since anna, luke, and their boys moved to manitoba, their home has become a central gathering space for our fibre community. i’m so grateful to have such incredible, generous friends in my life, and to be part of such a vibrant local crew. @manitobafibrefestival is another fantastic example of annual gathering for us, and i’m excited to see @pembinafibreshed grow and expand those opportunities as well! this work can feel isolating at times, whether alone on your farm in the rural areas or standing over your dye pots in your kitchen, so having times and places to meet up is invaluable. and i would also say that these online communities we build play a part in that too! 💕 here’s to many more years of gathering together as we gather our harvests!
With 25 people dead and 200,000 people displaced by the most destructive fires in California’s history, it was timely that much of Fibershed’s 2018 Wool Symposium was spent discussing (under orange smoke-filled skies) the important role fire plays in our Fibershed. It is clear that fire suppression is not the answer and we need to implement natural fire management strategies for the safety of our communities and the health of our ecosystems. #2018woolsymposium#fibershed#paigegreenphotography#wildfire#regenerativeagriculture#prescribedgrazing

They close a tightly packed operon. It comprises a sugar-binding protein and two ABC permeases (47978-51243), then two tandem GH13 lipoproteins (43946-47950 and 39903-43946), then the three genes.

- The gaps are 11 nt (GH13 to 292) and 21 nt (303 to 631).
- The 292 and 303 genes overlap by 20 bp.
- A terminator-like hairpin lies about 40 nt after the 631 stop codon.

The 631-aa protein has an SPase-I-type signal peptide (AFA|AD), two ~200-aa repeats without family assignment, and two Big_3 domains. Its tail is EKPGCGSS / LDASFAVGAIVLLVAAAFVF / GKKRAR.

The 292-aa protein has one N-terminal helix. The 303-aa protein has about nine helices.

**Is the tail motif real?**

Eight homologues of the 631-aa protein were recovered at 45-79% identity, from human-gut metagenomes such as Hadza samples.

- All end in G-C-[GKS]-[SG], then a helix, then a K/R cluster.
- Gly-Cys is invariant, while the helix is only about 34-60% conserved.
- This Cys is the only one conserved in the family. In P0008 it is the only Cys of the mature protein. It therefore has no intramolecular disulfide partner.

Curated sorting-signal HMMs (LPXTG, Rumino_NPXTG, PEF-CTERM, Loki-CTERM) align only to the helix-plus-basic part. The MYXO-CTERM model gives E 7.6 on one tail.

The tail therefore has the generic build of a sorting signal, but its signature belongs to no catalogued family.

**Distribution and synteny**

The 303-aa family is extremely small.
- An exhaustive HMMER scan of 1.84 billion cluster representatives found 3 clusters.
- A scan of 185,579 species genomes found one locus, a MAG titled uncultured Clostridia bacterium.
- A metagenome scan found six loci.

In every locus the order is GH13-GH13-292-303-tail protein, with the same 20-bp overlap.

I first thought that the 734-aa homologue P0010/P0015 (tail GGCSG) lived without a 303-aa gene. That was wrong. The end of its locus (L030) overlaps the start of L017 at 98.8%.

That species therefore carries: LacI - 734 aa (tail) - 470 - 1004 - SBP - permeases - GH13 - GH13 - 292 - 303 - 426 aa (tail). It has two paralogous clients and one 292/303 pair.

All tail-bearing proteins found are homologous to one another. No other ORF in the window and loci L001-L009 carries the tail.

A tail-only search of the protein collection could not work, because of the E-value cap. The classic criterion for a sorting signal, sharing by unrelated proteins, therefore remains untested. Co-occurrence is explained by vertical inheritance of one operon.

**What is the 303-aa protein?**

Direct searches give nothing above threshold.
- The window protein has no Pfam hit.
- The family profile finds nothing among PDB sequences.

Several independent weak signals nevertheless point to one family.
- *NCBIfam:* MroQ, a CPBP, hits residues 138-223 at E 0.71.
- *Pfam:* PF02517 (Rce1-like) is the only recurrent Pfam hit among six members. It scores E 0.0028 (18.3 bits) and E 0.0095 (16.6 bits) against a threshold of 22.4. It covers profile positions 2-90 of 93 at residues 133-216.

Spending the day at the Fibershed Wool Symposium studying fire ecology, grazing management to control fire and soil to skin Fashion amidst a day of serious fires in Butte County. I’m blessed to be part of the solution and my heart goes out to everyone effected by the fires. #fibershed#lanislana#fireecology @fibershed_ #warnermountainweavers @deepcreekyarns
Watching the premiere of the film we made for @fibershed_ at their wool and fine fiber symposium in CA. The film, “Resilience in Practice” focuses on re-integrating livestock into agriculture and how using them can help sequester carbon into the soil and prevent fire damage. It feels a bit more relevant today with the fires all over California. Thinking of all of those affected by the fires especially one of our own @jebdraper who has been evacuated and lost property in the Camp Fire. It’s been an inspiring day and full of amazing people.
Packed house in Point Reyes Station for the release of @fibershed_ ‘s film “Resilience in Practice: Re-integrating Animals into Cropping Systems” produced in association with us @soil_centric. Filming & editing by the lovely @earthenproductions. We’ll be sharing the link soon! 🐑🍐🍇🍷🎥